Obesity hormone linked to psoriasis

Printer-friendly version

Leptin, a hormone involvd in appetite regulation, was discovered in 1994. Leptin binds to special cells in the appetite centre of the brain where it signals that the body has had enough to eat (satiety). There is some evidence that obese patients have higher levels of leptin than normal weight patients, because they are less sensitive to the appetite suppressant effects of leptin. In this study, researchers studied 77 patients with psoriasis and 81 individuals who were the same age and sex but did not have psoriasis. Patients with psoriasis were found to have higher levels of leptin, a hormone produced by fat cells that may contribute to obesity, than individuals who did not have psoriasis.

Comment: This was a well conducted trial which adds to the growing literature on obesity and psoriasis. It suggests that leptin may have a fundamental role in the bodies’ inflammatory response and that this inflammation may be common to obesity, psoriasis and heart disease. Given that weight loss is known to significantly decrease leptin levels and improve insulin sensitivity, these findings underscore the importance of maintaining a normal body weight in patients with psoriasis.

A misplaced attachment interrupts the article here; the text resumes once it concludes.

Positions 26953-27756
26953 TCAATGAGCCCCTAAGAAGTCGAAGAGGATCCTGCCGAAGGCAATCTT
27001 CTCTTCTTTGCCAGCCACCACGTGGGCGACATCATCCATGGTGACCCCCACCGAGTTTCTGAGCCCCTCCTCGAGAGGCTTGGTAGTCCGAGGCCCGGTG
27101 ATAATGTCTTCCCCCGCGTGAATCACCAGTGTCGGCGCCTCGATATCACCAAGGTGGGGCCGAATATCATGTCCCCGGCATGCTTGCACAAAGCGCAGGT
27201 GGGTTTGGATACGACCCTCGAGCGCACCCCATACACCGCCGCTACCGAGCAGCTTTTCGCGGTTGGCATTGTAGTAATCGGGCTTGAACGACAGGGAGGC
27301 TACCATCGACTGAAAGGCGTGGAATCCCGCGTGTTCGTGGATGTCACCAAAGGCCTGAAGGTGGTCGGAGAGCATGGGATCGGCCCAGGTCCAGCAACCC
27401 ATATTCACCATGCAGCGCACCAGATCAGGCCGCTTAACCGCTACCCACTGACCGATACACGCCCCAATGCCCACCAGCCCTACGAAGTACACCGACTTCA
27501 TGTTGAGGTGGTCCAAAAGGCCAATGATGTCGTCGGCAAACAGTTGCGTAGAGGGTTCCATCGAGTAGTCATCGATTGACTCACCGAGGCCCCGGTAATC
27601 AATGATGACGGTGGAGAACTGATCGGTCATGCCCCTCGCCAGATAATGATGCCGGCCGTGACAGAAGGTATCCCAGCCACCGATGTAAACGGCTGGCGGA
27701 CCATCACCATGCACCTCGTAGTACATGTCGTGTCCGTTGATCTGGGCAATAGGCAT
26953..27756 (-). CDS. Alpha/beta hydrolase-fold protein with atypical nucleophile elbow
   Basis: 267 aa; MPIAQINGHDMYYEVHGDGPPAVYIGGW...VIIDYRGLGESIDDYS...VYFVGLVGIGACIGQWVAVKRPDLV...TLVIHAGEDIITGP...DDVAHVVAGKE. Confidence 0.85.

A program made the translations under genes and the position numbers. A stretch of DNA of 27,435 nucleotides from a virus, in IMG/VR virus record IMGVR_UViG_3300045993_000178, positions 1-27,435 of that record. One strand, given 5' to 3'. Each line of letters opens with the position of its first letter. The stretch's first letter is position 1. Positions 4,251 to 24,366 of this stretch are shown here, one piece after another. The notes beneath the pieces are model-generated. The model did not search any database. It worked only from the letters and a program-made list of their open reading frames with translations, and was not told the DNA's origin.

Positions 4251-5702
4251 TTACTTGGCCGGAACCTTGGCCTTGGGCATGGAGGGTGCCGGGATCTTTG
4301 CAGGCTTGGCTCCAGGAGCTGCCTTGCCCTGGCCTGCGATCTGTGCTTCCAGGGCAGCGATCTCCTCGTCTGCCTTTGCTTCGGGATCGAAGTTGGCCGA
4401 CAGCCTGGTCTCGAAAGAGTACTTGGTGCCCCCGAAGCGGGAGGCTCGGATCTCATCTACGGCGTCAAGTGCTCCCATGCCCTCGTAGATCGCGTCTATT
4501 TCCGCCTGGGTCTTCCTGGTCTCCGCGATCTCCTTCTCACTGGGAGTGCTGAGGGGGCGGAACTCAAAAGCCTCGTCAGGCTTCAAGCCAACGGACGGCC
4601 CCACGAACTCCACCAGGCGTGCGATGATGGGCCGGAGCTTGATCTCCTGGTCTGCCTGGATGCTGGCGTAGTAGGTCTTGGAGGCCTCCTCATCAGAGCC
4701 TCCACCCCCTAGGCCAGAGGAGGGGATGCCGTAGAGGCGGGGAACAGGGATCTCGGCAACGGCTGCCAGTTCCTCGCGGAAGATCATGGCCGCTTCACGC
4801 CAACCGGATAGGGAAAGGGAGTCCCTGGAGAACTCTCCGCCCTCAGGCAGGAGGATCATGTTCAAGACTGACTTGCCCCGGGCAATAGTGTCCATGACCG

Reference:
Chen YJ, Wu CY, Shen JL et al. Psoriasis independently associated with hyperleptinemia contributing to metabolic syndrome. Arch Dermatol 2008;144:1571-1575

Article prepared by:
Dr David Ashton MD PhD
27 April 2009